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Park v. State

Court of Appeals of Oregon

July 17, 2013

RONDA PARK, an individual, Plaintiff-Appellant,
v.
STATE OF OREGON, acting by and through Department of Corrections, Defendant-Respondent, and MARK NOOTH, JAMIE HERRERA and OFELIA ALVARADO, Defendants.

Argued and submitted on March 22, 2012.

Malheur County Circuit Court 09037252L J. Burdette Pratt, Judge.

Elizabeth A. McKanna argued the cause for appellant. With her on the briefs was McKanna Bishop Joffe & Arms, LLP.

Cecil A. Reniche-Smith, Assistant Attorney General, argued the cause for respondent. With her on the brief were John R. Kroger, Attorney General, and Mary H. Williams, Solicitor General.

Before Ortega, Presiding Judge, and Sercombe, Judge, and Brewer, Judge pro tempore.

ORTEGA, P. J.

Plaintiff appeals from a supplemental judgment that granted attorney fees to the state after a jury returned a defense verdict in plaintiff's suit against the state for sex discrimination and unlawful retaliation. After the jury returned its verdict, the trial court submitted a "special verdict form" to the jury that asked it to answer several questions regarding plaintiff's veracity and whether her claims were "frivolous, unreasonable, and brought in bad faith." The jury returned the special verdict, indicating that it found that plaintiff's statements to her employer and to the court about the incidents underlying her claims were untruthful. The state, after a general judgment was entered, sought an enhanced prevailing party fee, costs, and attorney fees under Title VII of the Civil Rights Act of 1964, 42 USC § 2000e-5(k). The trial court, after independently concluding that plaintiffs' claims were "unreasonable, frivolous, and without foundation, " awarded the state a portion of the attorney fees sought and entered a supplemental judgment. Plaintiff appeals that judgment, challenging the trial court's submission of the special verdict form to the jury, as well as the court's award of attorney fees. We reverse the award of attorney fees, concluding that the trial court erred in determining that plaintiff's claims were "unreasonable, frivolous, and without foundation."[1]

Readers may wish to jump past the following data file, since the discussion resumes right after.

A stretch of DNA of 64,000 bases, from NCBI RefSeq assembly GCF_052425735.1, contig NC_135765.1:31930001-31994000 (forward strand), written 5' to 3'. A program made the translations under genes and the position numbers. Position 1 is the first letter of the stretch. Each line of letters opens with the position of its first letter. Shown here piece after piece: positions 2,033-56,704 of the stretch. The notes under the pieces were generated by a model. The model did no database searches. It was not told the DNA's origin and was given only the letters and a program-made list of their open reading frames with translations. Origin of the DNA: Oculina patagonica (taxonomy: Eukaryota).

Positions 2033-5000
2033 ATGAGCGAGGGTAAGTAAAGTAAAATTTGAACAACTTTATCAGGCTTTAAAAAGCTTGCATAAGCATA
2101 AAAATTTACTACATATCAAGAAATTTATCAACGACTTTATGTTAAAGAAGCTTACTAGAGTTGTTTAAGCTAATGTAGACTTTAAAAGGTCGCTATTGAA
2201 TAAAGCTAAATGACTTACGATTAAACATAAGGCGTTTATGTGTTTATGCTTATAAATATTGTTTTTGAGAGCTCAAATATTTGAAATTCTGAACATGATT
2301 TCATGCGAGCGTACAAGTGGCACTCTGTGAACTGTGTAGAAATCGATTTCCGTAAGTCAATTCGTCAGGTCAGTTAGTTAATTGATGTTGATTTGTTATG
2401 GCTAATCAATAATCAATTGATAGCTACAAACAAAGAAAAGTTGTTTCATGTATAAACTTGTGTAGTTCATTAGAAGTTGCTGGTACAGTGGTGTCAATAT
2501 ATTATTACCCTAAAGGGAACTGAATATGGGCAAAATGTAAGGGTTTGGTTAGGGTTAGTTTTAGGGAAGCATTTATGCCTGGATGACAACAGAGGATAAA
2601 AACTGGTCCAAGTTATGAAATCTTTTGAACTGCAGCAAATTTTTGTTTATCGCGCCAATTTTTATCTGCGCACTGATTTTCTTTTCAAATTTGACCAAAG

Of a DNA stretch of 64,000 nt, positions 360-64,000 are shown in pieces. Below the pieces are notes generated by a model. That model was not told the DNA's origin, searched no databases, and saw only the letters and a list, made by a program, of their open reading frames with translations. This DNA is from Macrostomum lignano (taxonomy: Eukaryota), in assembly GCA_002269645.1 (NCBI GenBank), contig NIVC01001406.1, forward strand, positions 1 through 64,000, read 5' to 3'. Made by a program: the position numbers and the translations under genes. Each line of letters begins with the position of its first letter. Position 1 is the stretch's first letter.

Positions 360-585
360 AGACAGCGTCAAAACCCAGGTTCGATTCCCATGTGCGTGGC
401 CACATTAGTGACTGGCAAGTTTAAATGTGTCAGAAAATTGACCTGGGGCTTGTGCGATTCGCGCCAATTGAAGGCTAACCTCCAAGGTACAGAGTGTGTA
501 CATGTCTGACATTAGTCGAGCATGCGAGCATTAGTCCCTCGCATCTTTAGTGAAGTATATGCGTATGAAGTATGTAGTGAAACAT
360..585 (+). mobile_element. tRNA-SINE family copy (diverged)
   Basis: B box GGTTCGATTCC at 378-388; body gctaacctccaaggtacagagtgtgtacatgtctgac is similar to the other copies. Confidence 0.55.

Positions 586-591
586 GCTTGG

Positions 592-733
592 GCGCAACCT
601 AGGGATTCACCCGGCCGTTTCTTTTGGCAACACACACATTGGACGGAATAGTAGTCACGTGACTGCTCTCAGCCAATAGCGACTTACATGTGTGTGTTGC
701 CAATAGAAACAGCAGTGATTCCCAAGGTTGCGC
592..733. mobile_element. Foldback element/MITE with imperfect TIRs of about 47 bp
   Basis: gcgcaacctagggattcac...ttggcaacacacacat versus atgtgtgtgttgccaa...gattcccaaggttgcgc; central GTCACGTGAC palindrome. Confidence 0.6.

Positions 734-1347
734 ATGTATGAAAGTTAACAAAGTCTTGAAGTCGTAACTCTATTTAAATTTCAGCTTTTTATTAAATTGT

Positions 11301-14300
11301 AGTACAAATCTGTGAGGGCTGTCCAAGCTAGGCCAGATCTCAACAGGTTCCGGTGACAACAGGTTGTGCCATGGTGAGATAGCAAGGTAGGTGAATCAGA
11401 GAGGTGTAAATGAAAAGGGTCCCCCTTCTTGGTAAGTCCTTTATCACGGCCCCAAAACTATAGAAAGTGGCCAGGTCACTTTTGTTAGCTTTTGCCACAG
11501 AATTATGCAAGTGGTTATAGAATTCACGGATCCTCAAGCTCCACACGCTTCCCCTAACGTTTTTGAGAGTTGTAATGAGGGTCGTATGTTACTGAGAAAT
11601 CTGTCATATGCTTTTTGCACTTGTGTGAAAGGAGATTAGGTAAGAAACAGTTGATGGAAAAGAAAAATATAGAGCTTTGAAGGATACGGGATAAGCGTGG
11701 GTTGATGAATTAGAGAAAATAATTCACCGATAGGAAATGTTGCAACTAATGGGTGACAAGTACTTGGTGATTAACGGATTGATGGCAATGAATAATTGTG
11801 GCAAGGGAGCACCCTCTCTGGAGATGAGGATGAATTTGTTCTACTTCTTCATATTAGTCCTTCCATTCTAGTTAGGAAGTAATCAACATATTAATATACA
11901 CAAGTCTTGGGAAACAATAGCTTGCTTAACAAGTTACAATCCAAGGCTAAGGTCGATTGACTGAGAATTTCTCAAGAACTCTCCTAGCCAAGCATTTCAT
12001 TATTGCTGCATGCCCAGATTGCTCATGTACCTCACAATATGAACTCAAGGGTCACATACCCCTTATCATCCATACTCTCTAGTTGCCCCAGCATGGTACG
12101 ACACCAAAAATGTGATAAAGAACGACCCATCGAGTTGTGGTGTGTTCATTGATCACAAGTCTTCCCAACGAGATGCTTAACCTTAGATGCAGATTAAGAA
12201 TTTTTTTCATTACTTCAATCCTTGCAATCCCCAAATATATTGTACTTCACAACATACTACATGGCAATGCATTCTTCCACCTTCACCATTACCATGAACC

Plaintiff, an employee of the Oregon Department of Corrections (DOC) at the Snake River Correctional Institution (SRCI), filed a complaint alleging unlawful employment practices by the state, raising state and federal claims of unlawful sex discrimination and unlawful retaliation for opposing unlawful employment practices, as well as a claim for intentional infliction of emotional distress. Plaintiff's allegations of discrimination were based on negative employment actions taken against her after three separate incidents at work. Generally, those incidents involved (1) a physical altercation with a male coworker, (2) accusations that plaintiff made an anonymous call to a local newspaper to report misbehavior by a DOC employee, and (3) an incident in the SRCI mailroom.

The following facts are uncontroverted. In April 2007, plaintiff happened upon a set of keys that were unsecured, which was a violation of DOC policy. When she picked up the keys to make a security violation report, a male coworker, who was responsible for the keys, grabbed her wrist. Plaintiff and the male coworker differed on how much force was applied to plaintiff's arm during the incident. She then filed a worker's compensation claim and was assigned light duty by DOC for a period of time. Plaintiff and the male coworker attended an informal mediation, at the end of which they both agreed that they could continue to work together. The male coworker was not disciplined for the incident.

Several days after that confrontation, a local newspaper reporter contacted a local food processing plant that employed DOC work crews to inquire about an anonymous report that a male DOC employee had urinated in a drain at the plant. When initially asked about the incident, the offending coworker told his supervisor that he had poured the contents of a soda bottle down the drain. The coworker admitted to the incident when directly asked if he had urinated in the drain. The details of that incident were well known within DOC and resulted in a letter of apology from DOC to the plant's owner. Further, the offending employee had received a "non-disciplinary letter of instruction" and no further discipline for his actions.

Almost immediately after the report, DOC officials "pointed the finger" at plaintiff as the source of the anonymous tip and launched an investigation. Plaintiff was reassigned to the mailroom a few days later, and she asserted that the reassignment was stigmatizing and cost her the opportunity to work overtime and holidays. After being reassigned, plaintiff lodged an internal complaint of sex discrimination, challenging her reassignment and DOC's failure to discipline the two male coworkers involved in the prior incidents. Her internal complaint eventually resulted in a determination by DOC that there was not sufficient evidence to substantiate plaintiff's claim.